All around New York State, municipal entities are working out ways to secure the benefits of solar electricity to power their facilities. Onondaga County is installing a solar array at the county’s wastewater management facility. Seneca County will soon power its law enforcement center with solar, and the Schodack Central School District is installing solar panels at four buildings and creating a Science, Technology, Engineering and Math (STEM) academic instruction program around the installation and operation of the arrays. Right here in Sullivan County, several towns are exploring the potential for solar energy, including Tus-ten, which is inviting proposals for a solar installation at the town highway building.
What these projects have in common is that the counties and schools that will benefit from the energy innovations are not laying out the money to build the systems, but rather using a negotiated contract called a Power Purchase Agreement or PPA. In a PPA arrangement, a town, county or school district “hosts” the solar installation by leasing the location—rooftop or land for a ground-mounted system—to the developer who installs the system, and agreeing to purchase the electricity produced. Private investors raise the money to build the system and assume all of the financial risk and responsibility for maintenance. In return, the investors are able to take advantage of tax breaks that towns, counties and non-profit entities cannot claim. The developer can also qualify for state and federal incentives to offset the cost of construction. By balancing these costs and incentives among the various parties to the agreement, PPAs give investors a fair return, and the municipality gets electricity at a stable reduced rate, negotiated for the 20-year initial life of the system. The host’s energy cost savings are usually anywhere from 15% to 30%. At the 20-year mark the host can seek to extend the arrangement or buy the system at its market value.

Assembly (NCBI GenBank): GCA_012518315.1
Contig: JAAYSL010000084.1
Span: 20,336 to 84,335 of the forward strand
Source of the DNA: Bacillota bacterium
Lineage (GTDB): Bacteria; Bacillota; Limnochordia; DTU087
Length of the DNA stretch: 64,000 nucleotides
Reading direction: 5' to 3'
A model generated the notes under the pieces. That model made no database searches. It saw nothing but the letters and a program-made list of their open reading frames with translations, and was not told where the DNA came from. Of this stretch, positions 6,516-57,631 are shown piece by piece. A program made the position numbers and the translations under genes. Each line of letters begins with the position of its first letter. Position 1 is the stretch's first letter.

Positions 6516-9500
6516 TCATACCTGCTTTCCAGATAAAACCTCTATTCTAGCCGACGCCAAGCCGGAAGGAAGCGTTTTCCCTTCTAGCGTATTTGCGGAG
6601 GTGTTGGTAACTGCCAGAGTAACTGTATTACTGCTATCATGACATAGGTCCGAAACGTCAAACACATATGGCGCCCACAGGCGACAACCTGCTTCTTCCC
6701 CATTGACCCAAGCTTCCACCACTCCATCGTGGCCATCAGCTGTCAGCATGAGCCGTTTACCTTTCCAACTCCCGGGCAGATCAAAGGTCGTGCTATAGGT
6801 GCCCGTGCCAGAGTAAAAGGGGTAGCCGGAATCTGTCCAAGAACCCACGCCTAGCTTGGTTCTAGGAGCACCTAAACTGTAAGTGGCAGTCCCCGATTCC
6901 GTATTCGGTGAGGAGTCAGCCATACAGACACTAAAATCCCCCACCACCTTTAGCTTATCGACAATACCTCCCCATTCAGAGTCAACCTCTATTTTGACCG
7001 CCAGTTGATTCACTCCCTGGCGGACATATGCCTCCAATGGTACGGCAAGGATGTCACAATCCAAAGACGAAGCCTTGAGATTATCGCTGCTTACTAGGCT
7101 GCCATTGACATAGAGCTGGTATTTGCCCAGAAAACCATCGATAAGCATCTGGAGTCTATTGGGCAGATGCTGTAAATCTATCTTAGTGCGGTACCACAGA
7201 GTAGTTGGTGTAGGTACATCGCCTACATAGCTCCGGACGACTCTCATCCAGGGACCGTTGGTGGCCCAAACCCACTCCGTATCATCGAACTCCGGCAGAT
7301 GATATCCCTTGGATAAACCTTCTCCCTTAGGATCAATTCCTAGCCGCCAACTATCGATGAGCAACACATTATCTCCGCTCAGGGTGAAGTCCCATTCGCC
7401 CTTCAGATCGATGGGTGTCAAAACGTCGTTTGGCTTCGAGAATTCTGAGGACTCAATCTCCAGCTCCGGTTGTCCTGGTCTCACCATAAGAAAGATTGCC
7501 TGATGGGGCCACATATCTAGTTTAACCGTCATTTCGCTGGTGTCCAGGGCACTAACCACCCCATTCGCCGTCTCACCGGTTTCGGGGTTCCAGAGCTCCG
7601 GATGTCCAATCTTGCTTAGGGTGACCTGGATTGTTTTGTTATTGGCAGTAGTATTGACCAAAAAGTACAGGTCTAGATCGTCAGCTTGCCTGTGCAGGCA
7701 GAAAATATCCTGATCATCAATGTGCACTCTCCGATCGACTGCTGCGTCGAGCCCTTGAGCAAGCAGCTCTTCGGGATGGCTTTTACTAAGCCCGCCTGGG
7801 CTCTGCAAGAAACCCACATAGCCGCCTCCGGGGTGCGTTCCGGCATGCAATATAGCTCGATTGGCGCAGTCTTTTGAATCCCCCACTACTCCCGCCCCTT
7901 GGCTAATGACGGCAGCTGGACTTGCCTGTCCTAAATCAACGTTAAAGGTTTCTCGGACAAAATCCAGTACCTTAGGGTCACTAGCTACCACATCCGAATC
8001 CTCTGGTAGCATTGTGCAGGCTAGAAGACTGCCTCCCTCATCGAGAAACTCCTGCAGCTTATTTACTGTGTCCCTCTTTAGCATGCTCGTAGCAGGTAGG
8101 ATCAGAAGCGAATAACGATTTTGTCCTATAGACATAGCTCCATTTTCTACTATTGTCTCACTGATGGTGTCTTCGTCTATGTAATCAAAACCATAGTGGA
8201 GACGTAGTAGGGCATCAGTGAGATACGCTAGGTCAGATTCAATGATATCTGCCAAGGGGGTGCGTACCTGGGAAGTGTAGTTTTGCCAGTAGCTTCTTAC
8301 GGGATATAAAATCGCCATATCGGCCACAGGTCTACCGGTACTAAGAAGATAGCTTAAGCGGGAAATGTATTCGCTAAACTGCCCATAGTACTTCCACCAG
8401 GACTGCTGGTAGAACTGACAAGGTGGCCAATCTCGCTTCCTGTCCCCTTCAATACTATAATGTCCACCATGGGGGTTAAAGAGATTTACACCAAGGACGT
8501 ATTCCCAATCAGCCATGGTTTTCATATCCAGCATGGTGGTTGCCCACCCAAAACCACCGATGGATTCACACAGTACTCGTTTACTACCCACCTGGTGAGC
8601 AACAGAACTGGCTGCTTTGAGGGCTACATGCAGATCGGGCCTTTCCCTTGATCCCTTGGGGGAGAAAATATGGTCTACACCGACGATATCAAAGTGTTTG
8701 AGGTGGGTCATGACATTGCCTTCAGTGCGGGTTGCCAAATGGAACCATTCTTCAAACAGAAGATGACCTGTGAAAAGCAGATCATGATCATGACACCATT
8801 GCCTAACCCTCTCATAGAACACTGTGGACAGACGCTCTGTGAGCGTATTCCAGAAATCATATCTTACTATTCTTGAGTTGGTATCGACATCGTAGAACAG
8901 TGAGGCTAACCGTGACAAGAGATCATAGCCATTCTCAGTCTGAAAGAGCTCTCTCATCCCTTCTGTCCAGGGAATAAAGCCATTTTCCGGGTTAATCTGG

The PPA option provides local governments with a way to reduce greenhouse gas (GHG) emissions for municipal operations, while shielding the municipality from risk. The systems are grid-tied through interconnection agreements with the local utility, to provide backup delivery of power. Billing mechanisms such as net metering and remote net metering enable local governments to maximize their cost savings by crediting any excess electricity to other facilities owned by the town, even those that are not in close proximity to host site. A PPA can be incorporated into a plan for new construction or as a component of an energy efficiency retrofit.
In an ideal world, our towns, villages, counties and school districts would be able to put together the funds required to build and own their solar energy systems, through outright grants or by bonding the projects. But grants for this purpose have dried up, and the costs are daunting for most of our communities. Power purchase agreements put rapid transition to renewable energy within reach for our towns and villages, schools and non-profit institutions.
[Contact Sullivan Alliance for Sustainable Development (SASD) at firstname.lastname@example.org  for more information about PPAs.]